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Financial Aid


While expensive, post secondary education is a key to professional and personal development and future financial independence.  The more education usually equals more productivity in the economy.  The purpose of financial aid is simple; to provide funds for eligible students to attend post secondary education (colleges, schools, etc.), because very few individuals or families can afford to pay the entire cost out of pocket.  

Financial aid programs are based on the philosophy that the primary obligation for college expenses rests with the student and their parents, but society/government will help meet some of their need.  Financial aid is any help given to a student to pay for the expense to attend post secondary education (college).  It could be in the form of or a combination of these types of aid: need based, merit based, gift aid, loan aid, and/or self-support aid .

Some aid you must specifically apply for. Other aid may be awarded based on reports from testing and/or application for admissions or other submitted data.

The financial aid process assists students and their families to identify and access sources to help pay for college expenses which will supplement their own contributions for post secondary education.

Financial aid professionals at the post secondary institutions work hard to offer students the best package of financial aid that is available based on the:

  • available financial aid resources at the institution
  • the cost of attending the institution
  • student's calculated need using the institution and/or Federal Methodology

Financial Aid could be in the form of a Grant, Tuition Waiver, Scholarship, Work Study or Loan. The Free Application for Federal Student Aid is the most important form that seniors fill out in order to qualify for financial aid.


Here are FREE Resources from Federal Student Aid

Resource English Spanish
Booklets and Brochures
College Preparation Checklist PDF PDF
2018–19 Do You Need Money for College? The Guide to Federal Student Aid PDF PDF
My Future, My Way: First Steps Toward College—A Workbook for Middle and Junior High School Students PDF PDF
Federal Student Aid for Adult Students PDF PDF
Financial Aid for Graduate or Professional Degree Students PDF NA
Comparing Colleges PDF PDF
Videos and Images
Financial Aid Process video Video Captioned
Financial Aid Process graphic Image Image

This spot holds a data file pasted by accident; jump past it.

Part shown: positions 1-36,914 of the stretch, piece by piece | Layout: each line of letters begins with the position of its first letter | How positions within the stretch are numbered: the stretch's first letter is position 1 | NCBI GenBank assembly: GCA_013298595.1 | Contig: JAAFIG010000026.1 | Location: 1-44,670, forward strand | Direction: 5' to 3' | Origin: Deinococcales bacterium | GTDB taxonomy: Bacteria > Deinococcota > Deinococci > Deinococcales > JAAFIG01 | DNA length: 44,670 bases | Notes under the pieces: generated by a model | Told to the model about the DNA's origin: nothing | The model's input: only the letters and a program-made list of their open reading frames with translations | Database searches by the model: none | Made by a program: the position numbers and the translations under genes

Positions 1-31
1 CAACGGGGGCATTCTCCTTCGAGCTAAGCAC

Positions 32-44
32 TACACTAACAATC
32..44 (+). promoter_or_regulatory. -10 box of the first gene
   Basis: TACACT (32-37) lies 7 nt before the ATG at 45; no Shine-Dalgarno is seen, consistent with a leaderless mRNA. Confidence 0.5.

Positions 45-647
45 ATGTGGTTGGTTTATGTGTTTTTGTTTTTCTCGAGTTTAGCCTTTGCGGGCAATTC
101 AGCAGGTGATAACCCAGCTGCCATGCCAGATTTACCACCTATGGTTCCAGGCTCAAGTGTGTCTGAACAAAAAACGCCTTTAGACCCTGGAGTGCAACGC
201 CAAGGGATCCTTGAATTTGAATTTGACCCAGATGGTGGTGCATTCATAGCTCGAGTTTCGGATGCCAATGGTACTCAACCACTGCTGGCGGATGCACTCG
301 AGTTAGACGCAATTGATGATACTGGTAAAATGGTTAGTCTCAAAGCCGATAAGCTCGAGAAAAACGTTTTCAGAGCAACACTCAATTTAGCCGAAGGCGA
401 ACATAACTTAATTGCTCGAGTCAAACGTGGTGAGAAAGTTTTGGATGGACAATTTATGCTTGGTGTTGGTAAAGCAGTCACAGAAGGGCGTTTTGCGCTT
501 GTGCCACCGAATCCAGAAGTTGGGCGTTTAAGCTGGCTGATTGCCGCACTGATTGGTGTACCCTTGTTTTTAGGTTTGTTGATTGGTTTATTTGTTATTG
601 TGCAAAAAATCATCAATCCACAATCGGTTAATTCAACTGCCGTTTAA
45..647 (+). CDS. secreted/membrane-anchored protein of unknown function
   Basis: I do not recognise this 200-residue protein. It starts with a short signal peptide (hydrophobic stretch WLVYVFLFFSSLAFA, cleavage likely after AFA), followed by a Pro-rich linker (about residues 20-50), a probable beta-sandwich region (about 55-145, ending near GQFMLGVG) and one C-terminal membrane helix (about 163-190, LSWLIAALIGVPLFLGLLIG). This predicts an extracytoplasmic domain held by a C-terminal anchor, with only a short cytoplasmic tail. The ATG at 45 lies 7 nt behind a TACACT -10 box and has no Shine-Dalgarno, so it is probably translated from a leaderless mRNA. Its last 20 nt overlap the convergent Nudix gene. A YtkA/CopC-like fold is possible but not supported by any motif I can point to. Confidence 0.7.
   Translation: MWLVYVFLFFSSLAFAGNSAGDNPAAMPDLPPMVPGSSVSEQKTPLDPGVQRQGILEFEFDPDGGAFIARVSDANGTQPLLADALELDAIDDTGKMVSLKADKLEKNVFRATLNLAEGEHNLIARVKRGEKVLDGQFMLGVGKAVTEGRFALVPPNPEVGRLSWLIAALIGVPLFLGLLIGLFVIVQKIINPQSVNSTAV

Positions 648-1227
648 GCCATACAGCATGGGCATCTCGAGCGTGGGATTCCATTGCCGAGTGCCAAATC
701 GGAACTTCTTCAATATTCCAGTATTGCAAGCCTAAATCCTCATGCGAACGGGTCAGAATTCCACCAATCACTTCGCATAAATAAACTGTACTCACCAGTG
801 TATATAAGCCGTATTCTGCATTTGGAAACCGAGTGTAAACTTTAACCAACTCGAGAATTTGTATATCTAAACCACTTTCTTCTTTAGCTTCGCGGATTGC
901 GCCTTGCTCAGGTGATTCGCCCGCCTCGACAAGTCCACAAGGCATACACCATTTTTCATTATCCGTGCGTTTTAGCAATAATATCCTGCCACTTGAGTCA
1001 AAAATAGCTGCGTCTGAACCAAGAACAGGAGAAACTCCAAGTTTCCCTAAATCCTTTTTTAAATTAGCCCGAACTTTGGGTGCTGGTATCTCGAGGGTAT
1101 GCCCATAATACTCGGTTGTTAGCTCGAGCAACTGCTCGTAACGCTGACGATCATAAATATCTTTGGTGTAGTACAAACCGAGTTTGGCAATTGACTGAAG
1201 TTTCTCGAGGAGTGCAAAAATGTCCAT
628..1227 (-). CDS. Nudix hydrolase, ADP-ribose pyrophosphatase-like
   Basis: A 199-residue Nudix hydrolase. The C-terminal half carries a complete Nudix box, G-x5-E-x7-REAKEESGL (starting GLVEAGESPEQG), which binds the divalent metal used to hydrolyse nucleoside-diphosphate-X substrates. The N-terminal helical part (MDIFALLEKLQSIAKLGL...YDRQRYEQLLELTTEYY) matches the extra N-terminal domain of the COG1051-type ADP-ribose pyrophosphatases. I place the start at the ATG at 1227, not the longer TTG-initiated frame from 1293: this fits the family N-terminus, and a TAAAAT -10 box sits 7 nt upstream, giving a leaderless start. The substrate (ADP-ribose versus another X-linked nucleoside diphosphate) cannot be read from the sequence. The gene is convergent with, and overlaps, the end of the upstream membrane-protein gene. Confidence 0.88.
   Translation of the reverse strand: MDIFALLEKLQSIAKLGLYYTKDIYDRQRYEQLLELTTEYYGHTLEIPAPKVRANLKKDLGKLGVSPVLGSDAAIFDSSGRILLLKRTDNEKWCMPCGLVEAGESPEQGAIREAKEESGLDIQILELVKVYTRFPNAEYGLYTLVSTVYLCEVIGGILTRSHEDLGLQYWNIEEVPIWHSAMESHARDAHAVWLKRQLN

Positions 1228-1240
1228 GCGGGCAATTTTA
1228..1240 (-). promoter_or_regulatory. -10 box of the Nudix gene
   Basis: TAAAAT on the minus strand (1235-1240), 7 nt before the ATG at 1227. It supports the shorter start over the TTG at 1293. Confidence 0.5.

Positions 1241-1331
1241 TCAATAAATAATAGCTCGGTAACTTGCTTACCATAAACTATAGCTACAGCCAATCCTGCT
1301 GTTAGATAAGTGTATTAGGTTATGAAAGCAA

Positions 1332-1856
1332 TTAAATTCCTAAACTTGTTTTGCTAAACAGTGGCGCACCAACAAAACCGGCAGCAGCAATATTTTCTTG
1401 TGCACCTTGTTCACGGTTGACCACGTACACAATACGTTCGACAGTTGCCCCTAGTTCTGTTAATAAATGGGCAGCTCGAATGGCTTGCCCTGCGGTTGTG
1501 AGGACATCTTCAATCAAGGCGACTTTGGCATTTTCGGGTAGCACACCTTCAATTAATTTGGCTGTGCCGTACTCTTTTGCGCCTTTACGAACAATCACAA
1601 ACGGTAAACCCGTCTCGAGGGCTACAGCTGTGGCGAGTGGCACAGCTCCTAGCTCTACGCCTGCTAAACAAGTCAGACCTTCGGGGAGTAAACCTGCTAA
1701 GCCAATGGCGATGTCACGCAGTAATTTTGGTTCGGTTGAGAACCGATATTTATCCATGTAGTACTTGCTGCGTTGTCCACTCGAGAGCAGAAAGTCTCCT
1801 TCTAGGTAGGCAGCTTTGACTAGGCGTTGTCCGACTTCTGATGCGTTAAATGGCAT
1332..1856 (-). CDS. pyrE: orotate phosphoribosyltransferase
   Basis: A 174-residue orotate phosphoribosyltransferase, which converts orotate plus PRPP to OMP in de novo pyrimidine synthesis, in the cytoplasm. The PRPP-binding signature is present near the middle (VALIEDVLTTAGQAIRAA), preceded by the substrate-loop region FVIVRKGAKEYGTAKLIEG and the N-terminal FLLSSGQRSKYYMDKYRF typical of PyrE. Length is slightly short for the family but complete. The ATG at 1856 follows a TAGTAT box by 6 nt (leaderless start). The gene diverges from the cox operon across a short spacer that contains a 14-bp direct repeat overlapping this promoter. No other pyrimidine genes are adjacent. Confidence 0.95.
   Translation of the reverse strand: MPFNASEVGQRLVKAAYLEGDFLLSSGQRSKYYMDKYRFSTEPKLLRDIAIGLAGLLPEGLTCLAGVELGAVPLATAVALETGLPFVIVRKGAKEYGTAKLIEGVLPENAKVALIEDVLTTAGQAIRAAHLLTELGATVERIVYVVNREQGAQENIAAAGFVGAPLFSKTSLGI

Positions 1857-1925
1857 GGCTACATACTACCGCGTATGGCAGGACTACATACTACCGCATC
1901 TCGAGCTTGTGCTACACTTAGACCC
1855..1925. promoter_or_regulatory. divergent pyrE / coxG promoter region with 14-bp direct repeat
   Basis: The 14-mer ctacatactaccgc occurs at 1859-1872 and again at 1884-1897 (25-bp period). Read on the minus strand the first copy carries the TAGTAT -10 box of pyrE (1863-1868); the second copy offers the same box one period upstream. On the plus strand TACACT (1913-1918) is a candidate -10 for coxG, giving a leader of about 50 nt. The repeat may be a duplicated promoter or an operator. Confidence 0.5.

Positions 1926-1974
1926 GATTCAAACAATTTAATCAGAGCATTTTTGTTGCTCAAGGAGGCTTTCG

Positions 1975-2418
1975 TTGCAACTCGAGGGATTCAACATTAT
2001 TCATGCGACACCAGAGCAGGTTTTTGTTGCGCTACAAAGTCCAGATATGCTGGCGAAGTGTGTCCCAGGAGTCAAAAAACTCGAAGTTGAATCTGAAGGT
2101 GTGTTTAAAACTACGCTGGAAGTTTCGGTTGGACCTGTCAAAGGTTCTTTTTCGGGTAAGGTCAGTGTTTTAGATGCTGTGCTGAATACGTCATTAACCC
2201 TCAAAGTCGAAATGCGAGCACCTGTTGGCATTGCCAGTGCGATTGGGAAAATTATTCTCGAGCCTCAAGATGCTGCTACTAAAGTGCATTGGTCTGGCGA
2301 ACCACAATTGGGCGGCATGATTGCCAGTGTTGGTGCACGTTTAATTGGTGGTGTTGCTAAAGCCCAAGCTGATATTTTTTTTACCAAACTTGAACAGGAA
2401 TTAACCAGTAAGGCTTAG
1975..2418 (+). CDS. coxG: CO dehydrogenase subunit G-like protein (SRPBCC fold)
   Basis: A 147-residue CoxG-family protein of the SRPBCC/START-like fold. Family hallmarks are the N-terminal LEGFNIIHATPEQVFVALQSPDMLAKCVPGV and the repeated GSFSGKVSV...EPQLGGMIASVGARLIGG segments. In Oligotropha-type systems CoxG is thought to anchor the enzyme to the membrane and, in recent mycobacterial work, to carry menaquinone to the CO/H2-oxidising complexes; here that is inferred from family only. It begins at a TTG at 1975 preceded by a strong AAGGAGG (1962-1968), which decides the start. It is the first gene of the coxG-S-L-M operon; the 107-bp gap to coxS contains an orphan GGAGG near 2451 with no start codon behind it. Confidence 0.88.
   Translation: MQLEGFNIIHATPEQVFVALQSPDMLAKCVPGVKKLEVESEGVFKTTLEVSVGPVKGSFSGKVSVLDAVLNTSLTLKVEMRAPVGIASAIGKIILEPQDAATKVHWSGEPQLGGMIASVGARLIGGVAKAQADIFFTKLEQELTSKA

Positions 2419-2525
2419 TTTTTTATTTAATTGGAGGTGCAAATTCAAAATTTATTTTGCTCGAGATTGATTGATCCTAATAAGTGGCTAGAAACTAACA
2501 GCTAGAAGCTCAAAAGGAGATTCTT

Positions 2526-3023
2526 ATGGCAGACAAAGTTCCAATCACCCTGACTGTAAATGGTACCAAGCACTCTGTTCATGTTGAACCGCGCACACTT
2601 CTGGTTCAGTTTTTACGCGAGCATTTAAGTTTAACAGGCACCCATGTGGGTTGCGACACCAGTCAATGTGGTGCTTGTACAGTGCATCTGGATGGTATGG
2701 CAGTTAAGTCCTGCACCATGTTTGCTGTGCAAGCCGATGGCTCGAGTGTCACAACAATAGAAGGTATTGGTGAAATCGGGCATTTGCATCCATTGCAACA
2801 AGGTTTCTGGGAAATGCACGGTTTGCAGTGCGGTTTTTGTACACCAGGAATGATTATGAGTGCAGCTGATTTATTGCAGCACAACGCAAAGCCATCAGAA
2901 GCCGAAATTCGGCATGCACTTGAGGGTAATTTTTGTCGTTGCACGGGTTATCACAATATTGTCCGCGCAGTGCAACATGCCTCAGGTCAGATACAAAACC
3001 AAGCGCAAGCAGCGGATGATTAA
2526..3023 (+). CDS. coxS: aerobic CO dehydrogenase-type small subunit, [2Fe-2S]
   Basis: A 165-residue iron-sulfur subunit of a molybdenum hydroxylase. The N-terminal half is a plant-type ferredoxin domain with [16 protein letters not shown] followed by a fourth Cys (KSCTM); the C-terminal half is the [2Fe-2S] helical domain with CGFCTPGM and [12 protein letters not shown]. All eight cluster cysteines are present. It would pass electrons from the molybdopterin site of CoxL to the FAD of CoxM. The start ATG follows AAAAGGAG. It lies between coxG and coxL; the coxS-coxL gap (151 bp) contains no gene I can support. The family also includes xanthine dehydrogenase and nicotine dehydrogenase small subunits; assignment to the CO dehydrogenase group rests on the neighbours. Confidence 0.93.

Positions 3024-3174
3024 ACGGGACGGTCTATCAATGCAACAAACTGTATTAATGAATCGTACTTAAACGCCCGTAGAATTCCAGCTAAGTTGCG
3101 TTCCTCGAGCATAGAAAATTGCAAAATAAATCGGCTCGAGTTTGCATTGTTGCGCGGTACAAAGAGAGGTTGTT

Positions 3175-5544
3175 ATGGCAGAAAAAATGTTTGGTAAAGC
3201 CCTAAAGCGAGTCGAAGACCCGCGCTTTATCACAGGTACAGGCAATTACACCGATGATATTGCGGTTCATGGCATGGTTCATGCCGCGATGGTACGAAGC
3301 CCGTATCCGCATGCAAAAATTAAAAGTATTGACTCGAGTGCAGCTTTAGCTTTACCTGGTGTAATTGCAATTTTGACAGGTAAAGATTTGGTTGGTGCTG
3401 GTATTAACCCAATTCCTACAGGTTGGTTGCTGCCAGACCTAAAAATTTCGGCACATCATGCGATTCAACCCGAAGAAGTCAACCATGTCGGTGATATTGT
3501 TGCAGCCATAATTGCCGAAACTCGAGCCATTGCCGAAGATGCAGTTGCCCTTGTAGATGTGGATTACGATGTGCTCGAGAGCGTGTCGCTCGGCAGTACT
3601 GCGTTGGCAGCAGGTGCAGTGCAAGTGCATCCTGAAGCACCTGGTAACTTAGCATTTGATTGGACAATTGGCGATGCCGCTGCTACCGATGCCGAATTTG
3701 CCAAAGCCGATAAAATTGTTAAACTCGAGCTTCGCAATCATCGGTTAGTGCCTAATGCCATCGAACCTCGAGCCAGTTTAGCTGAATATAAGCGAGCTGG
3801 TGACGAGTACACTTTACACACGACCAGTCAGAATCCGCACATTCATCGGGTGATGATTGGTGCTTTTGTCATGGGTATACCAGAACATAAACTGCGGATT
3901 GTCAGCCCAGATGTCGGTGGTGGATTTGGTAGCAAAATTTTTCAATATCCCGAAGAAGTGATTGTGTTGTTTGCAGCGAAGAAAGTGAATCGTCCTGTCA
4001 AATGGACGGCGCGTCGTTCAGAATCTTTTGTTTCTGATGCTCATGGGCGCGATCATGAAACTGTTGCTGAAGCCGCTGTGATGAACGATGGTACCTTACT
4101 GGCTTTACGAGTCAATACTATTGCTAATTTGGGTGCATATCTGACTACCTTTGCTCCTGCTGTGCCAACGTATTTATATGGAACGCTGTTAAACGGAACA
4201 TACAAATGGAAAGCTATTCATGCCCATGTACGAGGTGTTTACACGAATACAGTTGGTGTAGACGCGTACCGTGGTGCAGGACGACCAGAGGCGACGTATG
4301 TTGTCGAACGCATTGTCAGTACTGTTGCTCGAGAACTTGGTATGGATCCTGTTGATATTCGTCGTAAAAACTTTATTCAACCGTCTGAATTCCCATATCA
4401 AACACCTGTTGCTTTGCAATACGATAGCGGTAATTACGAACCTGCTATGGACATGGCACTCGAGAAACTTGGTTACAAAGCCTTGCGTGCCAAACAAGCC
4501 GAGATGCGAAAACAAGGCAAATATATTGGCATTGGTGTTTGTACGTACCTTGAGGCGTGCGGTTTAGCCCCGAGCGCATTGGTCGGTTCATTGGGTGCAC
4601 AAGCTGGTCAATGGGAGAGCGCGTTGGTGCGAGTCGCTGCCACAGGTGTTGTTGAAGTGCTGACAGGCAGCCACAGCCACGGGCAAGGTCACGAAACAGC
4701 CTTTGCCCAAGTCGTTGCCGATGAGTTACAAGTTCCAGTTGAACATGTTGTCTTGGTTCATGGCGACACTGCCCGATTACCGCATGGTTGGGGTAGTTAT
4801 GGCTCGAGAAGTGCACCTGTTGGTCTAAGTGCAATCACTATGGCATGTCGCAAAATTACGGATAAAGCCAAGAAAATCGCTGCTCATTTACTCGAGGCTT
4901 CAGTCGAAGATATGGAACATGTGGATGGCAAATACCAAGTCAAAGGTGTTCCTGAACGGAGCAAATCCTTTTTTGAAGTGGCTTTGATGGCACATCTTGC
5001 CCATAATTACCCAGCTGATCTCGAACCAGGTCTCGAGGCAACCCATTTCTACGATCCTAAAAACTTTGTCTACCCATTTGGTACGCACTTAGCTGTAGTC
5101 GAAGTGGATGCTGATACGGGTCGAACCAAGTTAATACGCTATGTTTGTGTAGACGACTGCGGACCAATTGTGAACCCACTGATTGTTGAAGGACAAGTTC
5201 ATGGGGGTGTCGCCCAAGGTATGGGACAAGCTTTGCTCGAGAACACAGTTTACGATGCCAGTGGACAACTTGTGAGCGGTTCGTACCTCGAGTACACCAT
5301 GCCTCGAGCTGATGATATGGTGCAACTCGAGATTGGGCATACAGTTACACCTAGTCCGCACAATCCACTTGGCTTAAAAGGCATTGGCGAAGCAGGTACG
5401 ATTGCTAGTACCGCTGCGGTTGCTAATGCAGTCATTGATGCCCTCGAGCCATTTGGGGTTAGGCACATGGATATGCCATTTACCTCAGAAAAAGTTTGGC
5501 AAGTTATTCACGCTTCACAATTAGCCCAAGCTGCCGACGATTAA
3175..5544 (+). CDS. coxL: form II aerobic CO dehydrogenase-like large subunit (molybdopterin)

Types of Federal Student Aid video Video Captioned
Types of Federal Student Aid graphic Image Image
Responsible Borrowing video Video Captioned
Budgeting video Video Captioned
Web Pages and Tools
Checklists for Academic and Financial Preparation Web Web
Career Search Web Web
College Search Web Web
College Scorecard Web NA
Scholarship Search Web Web
Glossary Web Web
Fact Sheets
2018–19 Federal Student Aid at a Glance PDF PDF
Federal Student Aid: Find the Information You Need PDF PDF
Federal Student Grant Programs PDF PDF
TEACH Grant Program PDF PDF
Federal Student Loan Programs PDF PDF
Scholarships for Military Families PDF PDF
Information for International Students PDF NA
Financial Aid and Undocumented Students PDF PDF
Educational and Training Vouchers for Current and Former Foster Care Youth PDF PDF
Federal Student Aid and Homeless Youth PDF PDF
Internal Revenue Service fact sheet on education tax benefits—“Students and Parents: Why Form 1098-T Is Important to You” PDF NA
Federal Student Aid Eligibility for Students Confined in Adult Correctional or Juvenile Justice Facilities PDF PDF
Fact Sheets—Early Preparation
Saving Early = Saving Smart! Watch Your Money Grow With Your Child PDF PDF
Fact Sheets—College and Career Preparation
Why Go to College? PDF PDF

Budgeting for College

Sample Costs for Northwest Colleges and Universities

College Costs Include More Than Tuition

Every school charges what is known as tuition which is the price you pay to receive instruction at that institution. In addition, schools charge fees for things like lab supplies and the health center. You also must pay for books, room and board and other living expenses.

Each year, schools figure out the average amount a student will need to attend the school. The cost of attendance includes tuition and fees, room and board, allowances for books and supplies, transportation, and personal and incidental expenses. Student loan fees, if applicable, also may be included in the cost of attendance, as well as child care and expenses for disabilities, at the discretion of the financial aid administrator.  Schools establish different budget amounts for students living on campus and off campus, those who are married and unmarried, and those with in-state and out-of-state residency status.